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Posers and Puzzles

Posers and Puzzles

  1. 18 Jun '07 22:45 / 1 edit
    Does a falling tree make a sound if no one is around to hear it?

    I heard this one on TV and it's been puzziling me ever since........
  2. Standard member smw6869
    Granny
    18 Jun '07 23:05
    Originally posted by Dance Master MC
    Does a falling tree make a sound if no one is around to hear it?

    I heard this one on TV and it's been puzziling me ever since........
    A tree falls and makes sound waves, which is sound. Because your ears cannot pick up those waves doesn't mean there is no sound. Yes, it does make sound.
  3. 19 Jun '07 00:21
    Originally posted by Dance Master MC
    Does a falling tree make a sound if no one is around to hear it?

    I heard this one on TV and it's been puzziling me ever since........
    What's puzzling me though is what's a MC?
  4. 19 Jun '07 04:20
    Originally posted by smw6869
    A tree falls and makes sound waves, which is sound. Because your ears cannot pick up those waves doesn't mean there is no sound. Yes, it does make sound.
    Prove it.
  5. Subscriber coquette
    Already mated
    19 Jun '07 04:24
    a noise is only made when someone hears it. a falling tree moves some air molecules around but makes no noise if no one is there to hear it.

    anyone who disagrees with this just isn't thinking it through.

    now, get ready for all the lame flame outs that i'm going to get. smile and watch. someday, they will get it too.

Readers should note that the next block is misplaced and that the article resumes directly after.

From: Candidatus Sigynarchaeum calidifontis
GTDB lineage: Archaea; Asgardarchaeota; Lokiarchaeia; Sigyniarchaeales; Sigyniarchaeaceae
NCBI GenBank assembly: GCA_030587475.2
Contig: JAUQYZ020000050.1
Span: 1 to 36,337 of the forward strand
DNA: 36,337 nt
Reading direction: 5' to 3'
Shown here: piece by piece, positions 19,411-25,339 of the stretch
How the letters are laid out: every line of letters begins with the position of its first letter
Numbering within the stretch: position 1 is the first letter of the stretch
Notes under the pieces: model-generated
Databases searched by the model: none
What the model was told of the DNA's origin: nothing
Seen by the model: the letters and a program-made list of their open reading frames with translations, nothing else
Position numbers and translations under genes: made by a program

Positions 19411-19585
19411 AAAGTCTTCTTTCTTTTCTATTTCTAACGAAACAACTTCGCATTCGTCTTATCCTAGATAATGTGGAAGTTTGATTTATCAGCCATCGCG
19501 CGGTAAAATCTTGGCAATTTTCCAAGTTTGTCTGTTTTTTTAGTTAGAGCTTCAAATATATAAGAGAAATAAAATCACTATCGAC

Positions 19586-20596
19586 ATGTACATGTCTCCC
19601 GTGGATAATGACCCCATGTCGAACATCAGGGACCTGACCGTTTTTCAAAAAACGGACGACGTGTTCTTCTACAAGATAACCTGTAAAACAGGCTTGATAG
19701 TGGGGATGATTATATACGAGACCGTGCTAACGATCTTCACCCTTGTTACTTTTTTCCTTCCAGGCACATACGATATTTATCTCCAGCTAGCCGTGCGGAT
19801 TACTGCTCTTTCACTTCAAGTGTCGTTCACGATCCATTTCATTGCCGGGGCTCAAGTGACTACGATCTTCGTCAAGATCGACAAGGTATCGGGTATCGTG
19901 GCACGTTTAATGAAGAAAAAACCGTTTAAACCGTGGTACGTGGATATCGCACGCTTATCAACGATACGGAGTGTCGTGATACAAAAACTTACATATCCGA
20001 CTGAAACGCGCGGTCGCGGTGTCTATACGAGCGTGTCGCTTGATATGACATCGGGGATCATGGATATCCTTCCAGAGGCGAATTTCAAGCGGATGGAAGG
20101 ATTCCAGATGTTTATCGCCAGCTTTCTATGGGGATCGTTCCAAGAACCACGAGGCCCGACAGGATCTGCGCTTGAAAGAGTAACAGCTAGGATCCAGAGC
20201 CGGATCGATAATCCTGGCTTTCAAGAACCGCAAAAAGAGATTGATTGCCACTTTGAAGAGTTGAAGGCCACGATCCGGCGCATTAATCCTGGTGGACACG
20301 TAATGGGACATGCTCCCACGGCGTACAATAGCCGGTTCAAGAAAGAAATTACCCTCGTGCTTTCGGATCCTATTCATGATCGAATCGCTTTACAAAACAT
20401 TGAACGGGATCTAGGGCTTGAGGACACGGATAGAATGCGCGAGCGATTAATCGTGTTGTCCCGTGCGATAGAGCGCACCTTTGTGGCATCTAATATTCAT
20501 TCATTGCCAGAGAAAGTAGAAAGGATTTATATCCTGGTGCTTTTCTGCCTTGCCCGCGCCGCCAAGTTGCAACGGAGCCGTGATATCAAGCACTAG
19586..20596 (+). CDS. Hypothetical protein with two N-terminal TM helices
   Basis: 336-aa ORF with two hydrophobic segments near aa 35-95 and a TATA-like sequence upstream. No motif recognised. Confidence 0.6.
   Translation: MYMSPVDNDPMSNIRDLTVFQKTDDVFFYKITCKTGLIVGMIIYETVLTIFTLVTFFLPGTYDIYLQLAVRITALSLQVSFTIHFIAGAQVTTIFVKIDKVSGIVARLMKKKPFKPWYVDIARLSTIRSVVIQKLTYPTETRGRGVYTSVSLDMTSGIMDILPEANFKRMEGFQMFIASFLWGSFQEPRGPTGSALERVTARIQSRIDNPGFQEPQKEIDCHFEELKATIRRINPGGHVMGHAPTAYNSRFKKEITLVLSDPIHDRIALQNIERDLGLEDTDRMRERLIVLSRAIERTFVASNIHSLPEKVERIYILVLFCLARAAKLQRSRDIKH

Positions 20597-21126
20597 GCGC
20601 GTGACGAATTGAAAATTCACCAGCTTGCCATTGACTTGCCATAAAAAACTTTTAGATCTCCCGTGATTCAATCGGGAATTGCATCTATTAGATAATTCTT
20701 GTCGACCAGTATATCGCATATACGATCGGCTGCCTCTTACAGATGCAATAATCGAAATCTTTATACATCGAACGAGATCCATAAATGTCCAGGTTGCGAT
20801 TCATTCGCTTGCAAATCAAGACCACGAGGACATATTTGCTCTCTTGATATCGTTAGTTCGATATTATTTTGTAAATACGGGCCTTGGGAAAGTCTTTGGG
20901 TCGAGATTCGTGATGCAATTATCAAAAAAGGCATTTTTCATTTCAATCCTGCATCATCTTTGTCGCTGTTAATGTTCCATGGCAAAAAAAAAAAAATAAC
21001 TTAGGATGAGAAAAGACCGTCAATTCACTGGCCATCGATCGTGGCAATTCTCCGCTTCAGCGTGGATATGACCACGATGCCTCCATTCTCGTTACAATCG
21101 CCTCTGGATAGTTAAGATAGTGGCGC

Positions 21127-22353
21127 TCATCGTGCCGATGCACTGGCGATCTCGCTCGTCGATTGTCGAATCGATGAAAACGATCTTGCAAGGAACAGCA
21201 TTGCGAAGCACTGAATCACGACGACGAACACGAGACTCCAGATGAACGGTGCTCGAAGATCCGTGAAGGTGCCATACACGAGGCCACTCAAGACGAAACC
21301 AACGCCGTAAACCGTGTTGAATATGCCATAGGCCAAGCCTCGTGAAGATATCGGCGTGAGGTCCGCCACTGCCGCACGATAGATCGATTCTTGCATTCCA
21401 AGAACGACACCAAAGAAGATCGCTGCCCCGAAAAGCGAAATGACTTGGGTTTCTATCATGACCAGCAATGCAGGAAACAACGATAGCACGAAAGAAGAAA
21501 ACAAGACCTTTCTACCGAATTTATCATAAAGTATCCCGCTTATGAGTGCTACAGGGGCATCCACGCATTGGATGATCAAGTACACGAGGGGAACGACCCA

here goes . .watch!
  6. 19 Jun '07 04:41
    The answer is: It depends.
    It depends on how you define sound. If you define sound as waves of energy traveling through a medium (i.e. air, water etc.) then yes a tree falling in a forest makes a sound regardless of whether anyone is around to hear it.
    However, if you define sound as a the creation, transmittance, and reception of these waves of energy then no a tree doesn't make a sound if it falls and no one is around.
    Some choose to define sound as waves of energy traveling through a medium, others as the reception of such waves by an ear of sorts and the subsequent interpretation by a neurological system.
    It's really quite trivial.
  7. Subscriber coquette
    Already mated
    19 Jun '07 05:11
    Originally posted by nwapsdrawkcab
    The answer is: It depends.
    It depends on how you define sound. If you define sound as waves of energy traveling through a medium (i.e. air, water etc.) then yes a tree falling in a forest makes a sound regardless of whether anyone is around to hear it.
    However, if you define sound as a the creation, transmittance, and reception of these waves of en ...[text shortened]... sorts and the subsequent interpretation by a neurological system.
    It's really quite trivial.
    yep
  8. Standard member agryson
    AGW Hitman
    19 Jun '07 06:40
    An MC is "Master of Ceremonies"
    As for the question, there's also several ways to view noise, not just sound, but general effects on its surroundings. I think if we rephrase the question we can come up with an answer.
    If an asteroid fell and hit the earth, and no one was around to hear it, would it make a sound?
    Given t hat we can see the fossilised remains of fissures caused by shockwaves, then yes! the same could probably be translated for the tree.
  9. 19 Jun '07 10:40
    "When the concept of atoms wasn't invented, does there exist any atoms then?", "Does pi exist befor man?" If I put my head in a hole, do the problems go by then?", "If I never watch TV, is there then any episode of 'Lost'?"

    There is a bunch of questions in the same spirit.